There isn't anything in the Maine woods that wants to eat you. Nothing with bigger teeth than blackflies, anyway. If there's an overriding theme to You Alone in the Maine Woods: The Lost Hunter's Guide, it's that you are safe in the forest, even at night. If you find yourself in the unfortunate position of being turned around after dark - which is to say, lost - relax and sit tight. The men and women of the Maine Warden Service will find you, and probably before you run out of M&Ms.
You Alone is small enough to fit in a hunting vest, and the Maine Department of Inland Fisheries and Wildlife (IF&W) has been distributing it for more than thirty years. In that time, literally hundreds of thousands of copies have seen print, making it the most widely read Maine book you've never heard of. The blaze orange pamphlet looks like it has a few decades under its belt, with its homespun tone and cartoons (at right) of barrel-chested "Old Maine Guides." If you didn't know better, you'd be tempted to dismiss it as a quaint vestige of a bygone era. In many ways it is exactly that - and that's precisely why it works.
Listen closely to those old Maine Guides, and you'll find that they did indeed know a few things about the North Woods, and that their tricks work just as well in the Gore-Tex and GPS era as they did in wool and compass times.
The booklet's sixty-seven pages are stuffed like a rucksack with helpful how-tos. Its eighteen chapters walk a person through most everything they need to know to stay safe in the woods, from map and compass use, to starting fires, to simple first aid, to building shelters. A lot of what's inside is common sense, but there are some tips that aren't as widely known - that the body emits a pint and a half of perspiration every twelve hours, for example, which explains why you don't like being crammed next to your buddy Joe on the long drive to the Greenville moose hunt. By sweating, you're draining your body of necessary fluids that have to be replaced (preferably with something other than beer).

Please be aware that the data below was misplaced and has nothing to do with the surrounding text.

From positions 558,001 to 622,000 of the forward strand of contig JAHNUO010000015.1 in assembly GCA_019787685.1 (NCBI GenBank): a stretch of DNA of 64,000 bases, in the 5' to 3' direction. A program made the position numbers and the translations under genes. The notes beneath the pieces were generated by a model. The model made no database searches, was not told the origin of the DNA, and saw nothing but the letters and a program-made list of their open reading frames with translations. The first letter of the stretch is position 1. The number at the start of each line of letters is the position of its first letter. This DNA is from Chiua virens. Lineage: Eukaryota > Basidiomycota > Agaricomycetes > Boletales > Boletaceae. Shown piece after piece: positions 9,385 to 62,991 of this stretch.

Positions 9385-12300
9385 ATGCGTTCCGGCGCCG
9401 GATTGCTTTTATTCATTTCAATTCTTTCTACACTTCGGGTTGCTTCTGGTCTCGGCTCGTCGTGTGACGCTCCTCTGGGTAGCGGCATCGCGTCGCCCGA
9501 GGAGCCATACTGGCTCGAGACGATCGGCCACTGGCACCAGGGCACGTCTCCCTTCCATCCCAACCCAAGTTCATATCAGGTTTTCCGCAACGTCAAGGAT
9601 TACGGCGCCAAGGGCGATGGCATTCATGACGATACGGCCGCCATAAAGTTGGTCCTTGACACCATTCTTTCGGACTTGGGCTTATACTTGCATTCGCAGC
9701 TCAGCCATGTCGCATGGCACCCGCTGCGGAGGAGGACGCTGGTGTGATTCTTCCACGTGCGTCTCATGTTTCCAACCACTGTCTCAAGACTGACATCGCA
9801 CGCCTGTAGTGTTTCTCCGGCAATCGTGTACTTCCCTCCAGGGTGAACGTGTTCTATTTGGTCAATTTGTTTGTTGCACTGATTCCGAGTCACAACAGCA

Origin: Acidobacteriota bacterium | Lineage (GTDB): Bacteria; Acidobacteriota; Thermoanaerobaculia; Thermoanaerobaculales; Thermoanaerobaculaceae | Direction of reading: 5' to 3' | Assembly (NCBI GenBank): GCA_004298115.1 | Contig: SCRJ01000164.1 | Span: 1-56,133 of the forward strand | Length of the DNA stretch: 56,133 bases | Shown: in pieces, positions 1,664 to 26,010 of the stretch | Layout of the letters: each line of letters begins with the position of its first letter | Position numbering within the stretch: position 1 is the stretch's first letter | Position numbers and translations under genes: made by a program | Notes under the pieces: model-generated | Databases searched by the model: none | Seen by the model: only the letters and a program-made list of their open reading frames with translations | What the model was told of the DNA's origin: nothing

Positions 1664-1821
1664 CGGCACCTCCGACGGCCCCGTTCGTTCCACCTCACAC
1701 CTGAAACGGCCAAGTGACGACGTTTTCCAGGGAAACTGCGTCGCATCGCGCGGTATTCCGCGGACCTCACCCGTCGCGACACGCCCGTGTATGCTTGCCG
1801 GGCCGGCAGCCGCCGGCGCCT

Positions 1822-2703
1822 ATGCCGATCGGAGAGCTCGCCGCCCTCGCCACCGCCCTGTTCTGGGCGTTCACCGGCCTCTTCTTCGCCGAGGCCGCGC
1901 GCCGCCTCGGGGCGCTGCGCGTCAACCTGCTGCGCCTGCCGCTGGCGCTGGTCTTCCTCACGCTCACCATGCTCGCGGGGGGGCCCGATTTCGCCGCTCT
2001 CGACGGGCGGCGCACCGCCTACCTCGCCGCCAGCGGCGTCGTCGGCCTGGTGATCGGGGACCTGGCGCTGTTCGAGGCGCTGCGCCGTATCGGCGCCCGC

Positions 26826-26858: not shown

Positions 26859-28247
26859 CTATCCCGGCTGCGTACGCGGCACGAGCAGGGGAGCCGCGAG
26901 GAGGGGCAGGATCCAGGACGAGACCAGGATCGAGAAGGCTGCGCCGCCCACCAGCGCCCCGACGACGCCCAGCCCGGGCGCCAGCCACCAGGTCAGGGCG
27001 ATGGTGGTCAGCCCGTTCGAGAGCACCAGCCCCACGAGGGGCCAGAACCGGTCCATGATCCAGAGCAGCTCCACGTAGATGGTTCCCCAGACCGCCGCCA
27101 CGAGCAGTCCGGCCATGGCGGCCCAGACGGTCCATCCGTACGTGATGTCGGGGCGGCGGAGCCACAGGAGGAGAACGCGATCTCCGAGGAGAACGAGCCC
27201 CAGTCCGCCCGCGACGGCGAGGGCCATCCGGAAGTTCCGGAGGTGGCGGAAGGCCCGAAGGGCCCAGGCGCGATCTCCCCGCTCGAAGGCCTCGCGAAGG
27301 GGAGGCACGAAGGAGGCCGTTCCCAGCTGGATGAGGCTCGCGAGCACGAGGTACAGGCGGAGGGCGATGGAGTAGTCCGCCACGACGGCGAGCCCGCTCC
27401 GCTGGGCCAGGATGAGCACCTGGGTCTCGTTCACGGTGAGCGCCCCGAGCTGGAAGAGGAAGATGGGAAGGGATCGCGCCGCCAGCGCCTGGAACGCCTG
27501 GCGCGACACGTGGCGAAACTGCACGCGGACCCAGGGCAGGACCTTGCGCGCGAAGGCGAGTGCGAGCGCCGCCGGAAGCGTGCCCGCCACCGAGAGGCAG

Other valuable tidbits: To start a fire in the rain, bring a few squares of cardboard soaked in wax. You can use your watch as a compass in a last-resort situation by pointing the hour hand at the sun - the point halfway between the little hand and twelve o'clock should be approximately, somewhat, sorta, somewhere near, south.
These tips are all presented in a folksy, sixth-grade sort of prose that tracks toward the anachronistic, but there aren't the typos you find in certain IF&W publications (like the Open Water Fishing Regulations in which Governor Baldacci states that the economic impact of angling in Maine is "nearly three hundred dollars annually"). That's probably because this is the tenth edition of You Alone, and Warden Service editors have hunted down and taken custody of the worst groaners like so many poachers.
There are things that they might consider changing for the eleventh revision, though. (Granted, they've done a good job updating thus far, though some hunter safety classes are still distributing earlier editions of the book that recommend sitting down and "having a smoke" to get yourself to relax.) An example in the newest, latest would be the bit in boldface that implores you to "Believe your compass under all circumstances," which is generally good advice - unless you're wearing an oversized ATV FOR ME belt buckle and you're holding your compass in front of it, a common position. Belt buckles have confused many a needle and sent all kinds of hunters and hikers stumbling off toward some magnetic Shangri-La.
Overall, though, You Alone does an effective job imparting information that could very well save a life. And it does so in a small package that's fun to read.
You Alone proves the adage that old ways are often the best ways, especially in a place as rooted in tradition as the Maine woods. Reading it is like taking a little walk back to the old Maine - a safe and well-oriented walk, of course - and that's always a good thing.
For a digital copy of You Alone in the Maine Woods